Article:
A Father's Perspective....


In early December 1990, my 23 year old daughter received a severe closed head injury from a car accident. Although I had been a National Ski Patrol volunteer treating injuries (a few were mild head injuries) on the ski slopes for 10 years, I soon learned some pretty basic things about severe head injuries that shocked me. Like many others in our society, I had some erroneous ideas and opinions about this serious kind of injury.

The first few days after Carla's injury were filled with fear, anguish, uncertainty, and suspense for me. I prayed for her to regain consciousness quickly as some do, but this wasn't to be. I continued to learn of the seriousness of my daughter's injury. With barely a scratch or a "goose bump" on her head, the injury to her brain was threatening her life.

With the assistance of excellent medical care, the prayers of many, and Carla's toughness and determination, she slowly regained consciousness over the next two and a half months. I learned that doctors could not predict the extent nor give any timetable for her recovery; that virtually every head injury is different, having its own outcome that unfolds with the passage of time.

Now, about a year and a half since her injury, I continue to be thankful for the healing that has been taking place in Carla. As with most severe head injury patients, her recuperation is lengthy even though she is a courageous young lady who has been diligent and hard working in all of her many therapies-therapies that have helped her to again think, eat, talk, write, cough, laugh, walk, and a multitude of other daily activities that many of us take for granted.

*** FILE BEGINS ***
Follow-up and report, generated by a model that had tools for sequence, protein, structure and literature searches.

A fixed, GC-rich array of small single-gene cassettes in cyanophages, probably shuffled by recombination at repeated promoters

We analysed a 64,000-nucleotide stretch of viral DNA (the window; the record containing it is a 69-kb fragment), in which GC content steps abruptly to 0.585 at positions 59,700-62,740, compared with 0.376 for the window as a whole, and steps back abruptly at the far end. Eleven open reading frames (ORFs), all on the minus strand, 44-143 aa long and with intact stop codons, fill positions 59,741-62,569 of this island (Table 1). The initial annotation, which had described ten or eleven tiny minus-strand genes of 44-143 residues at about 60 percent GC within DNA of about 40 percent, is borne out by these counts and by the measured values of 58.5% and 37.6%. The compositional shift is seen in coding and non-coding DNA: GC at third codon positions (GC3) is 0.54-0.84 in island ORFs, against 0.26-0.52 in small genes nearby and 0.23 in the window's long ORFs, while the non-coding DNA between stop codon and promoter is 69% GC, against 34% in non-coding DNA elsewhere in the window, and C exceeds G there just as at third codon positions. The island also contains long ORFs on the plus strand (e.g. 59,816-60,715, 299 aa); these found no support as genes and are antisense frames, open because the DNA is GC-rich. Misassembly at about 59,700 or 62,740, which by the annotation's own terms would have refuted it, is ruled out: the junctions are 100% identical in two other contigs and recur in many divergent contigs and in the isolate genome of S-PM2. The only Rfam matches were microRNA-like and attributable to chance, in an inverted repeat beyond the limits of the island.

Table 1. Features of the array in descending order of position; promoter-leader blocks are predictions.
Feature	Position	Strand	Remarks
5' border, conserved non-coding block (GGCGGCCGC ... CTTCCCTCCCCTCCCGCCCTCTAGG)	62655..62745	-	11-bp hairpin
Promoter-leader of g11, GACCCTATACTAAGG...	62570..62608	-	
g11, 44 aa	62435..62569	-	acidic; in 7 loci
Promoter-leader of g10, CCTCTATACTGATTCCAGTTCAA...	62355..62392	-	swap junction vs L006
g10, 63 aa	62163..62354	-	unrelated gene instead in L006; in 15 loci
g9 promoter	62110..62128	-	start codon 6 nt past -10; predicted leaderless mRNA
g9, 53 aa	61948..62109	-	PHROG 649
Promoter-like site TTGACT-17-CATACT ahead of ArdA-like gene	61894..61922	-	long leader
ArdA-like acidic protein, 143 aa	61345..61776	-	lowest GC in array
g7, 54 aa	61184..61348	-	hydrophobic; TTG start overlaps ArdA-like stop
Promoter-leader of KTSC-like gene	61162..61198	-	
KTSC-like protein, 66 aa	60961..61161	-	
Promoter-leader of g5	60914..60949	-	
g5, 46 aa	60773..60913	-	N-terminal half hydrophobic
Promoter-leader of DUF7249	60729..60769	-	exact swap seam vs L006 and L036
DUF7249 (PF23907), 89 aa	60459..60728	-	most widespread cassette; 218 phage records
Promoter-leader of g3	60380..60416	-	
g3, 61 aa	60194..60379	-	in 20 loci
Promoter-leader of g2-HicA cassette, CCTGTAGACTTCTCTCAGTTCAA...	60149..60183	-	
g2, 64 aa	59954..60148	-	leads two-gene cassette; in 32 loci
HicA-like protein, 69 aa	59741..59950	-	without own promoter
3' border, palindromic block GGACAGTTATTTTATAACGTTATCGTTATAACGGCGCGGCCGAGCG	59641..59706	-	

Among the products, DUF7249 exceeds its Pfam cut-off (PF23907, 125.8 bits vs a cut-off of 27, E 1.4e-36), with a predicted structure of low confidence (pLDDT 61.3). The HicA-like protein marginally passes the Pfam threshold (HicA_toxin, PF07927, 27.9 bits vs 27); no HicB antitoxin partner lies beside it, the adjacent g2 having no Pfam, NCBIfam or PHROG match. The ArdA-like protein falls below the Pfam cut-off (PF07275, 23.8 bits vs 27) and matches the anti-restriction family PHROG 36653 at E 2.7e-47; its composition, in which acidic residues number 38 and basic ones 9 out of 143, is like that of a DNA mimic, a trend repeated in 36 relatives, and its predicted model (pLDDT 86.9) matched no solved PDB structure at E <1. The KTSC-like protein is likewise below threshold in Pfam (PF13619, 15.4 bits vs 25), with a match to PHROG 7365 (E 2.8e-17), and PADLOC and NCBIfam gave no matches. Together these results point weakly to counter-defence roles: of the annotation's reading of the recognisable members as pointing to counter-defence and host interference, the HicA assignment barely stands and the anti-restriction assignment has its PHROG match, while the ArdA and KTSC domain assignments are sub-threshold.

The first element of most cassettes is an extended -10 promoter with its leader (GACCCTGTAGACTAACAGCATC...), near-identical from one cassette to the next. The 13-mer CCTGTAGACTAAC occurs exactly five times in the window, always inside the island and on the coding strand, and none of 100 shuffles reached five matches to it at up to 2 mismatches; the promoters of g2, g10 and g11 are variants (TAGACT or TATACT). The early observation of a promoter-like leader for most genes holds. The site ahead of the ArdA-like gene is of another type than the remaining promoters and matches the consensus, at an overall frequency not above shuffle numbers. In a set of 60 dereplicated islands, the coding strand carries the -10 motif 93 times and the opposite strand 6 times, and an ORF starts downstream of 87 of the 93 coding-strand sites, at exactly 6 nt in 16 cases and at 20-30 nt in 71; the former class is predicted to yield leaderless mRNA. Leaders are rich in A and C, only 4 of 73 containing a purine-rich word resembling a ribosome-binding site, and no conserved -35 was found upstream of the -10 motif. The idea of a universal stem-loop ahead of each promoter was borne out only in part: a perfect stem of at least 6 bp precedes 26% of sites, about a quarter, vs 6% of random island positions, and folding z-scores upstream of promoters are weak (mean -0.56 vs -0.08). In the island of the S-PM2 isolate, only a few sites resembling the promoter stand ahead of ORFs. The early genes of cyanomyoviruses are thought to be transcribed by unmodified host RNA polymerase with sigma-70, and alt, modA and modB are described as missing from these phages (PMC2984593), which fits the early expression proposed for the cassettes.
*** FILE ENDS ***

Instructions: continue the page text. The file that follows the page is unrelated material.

After coping with my daughter's injury and observing her hard fight to recover from it, I realize a whole lot more how marvelous, but fragile, is the human computer inside our head. I understand better than ever that there's good reason for construction hard hats, bike helmets, and other protective head gear. Recently, I heard the host of KOA Denver's "The Flip Side" ridicule the increasing use of bike helmets and imply that it is a fad which is offensive to him. He continued the attack on bike helmet use with his opinion that helmets detract from the fun and freedom of biking. Society is trying to make life too safe he argued. After listening awhile to him give what I considered a nonsensical outburst on why not to wear bike helmets that included jabs at the medical profession I became so disgusted I had to change to a different station on my car radio.

However, I was glad I listened long enough to hear a listener call in with reasons to wear a helmet. The listener let the show's host know she had two young sons who did not agree with his comments associating helmet use with ignorance. The young boys' father had recently received a serious head injury while bike riding on a trail and spent several months in a hospital recuperating. This family had experienced the consequences of a serious head injury and gained an awareness of the many hard realities of severe head injury. They intend to make use of the simple affordable protection offered by a helmet while bike riding.

Other simple little things can make a difference in our lives. When my daughter wore her seat belt that day in December, I am convinced it saved her life.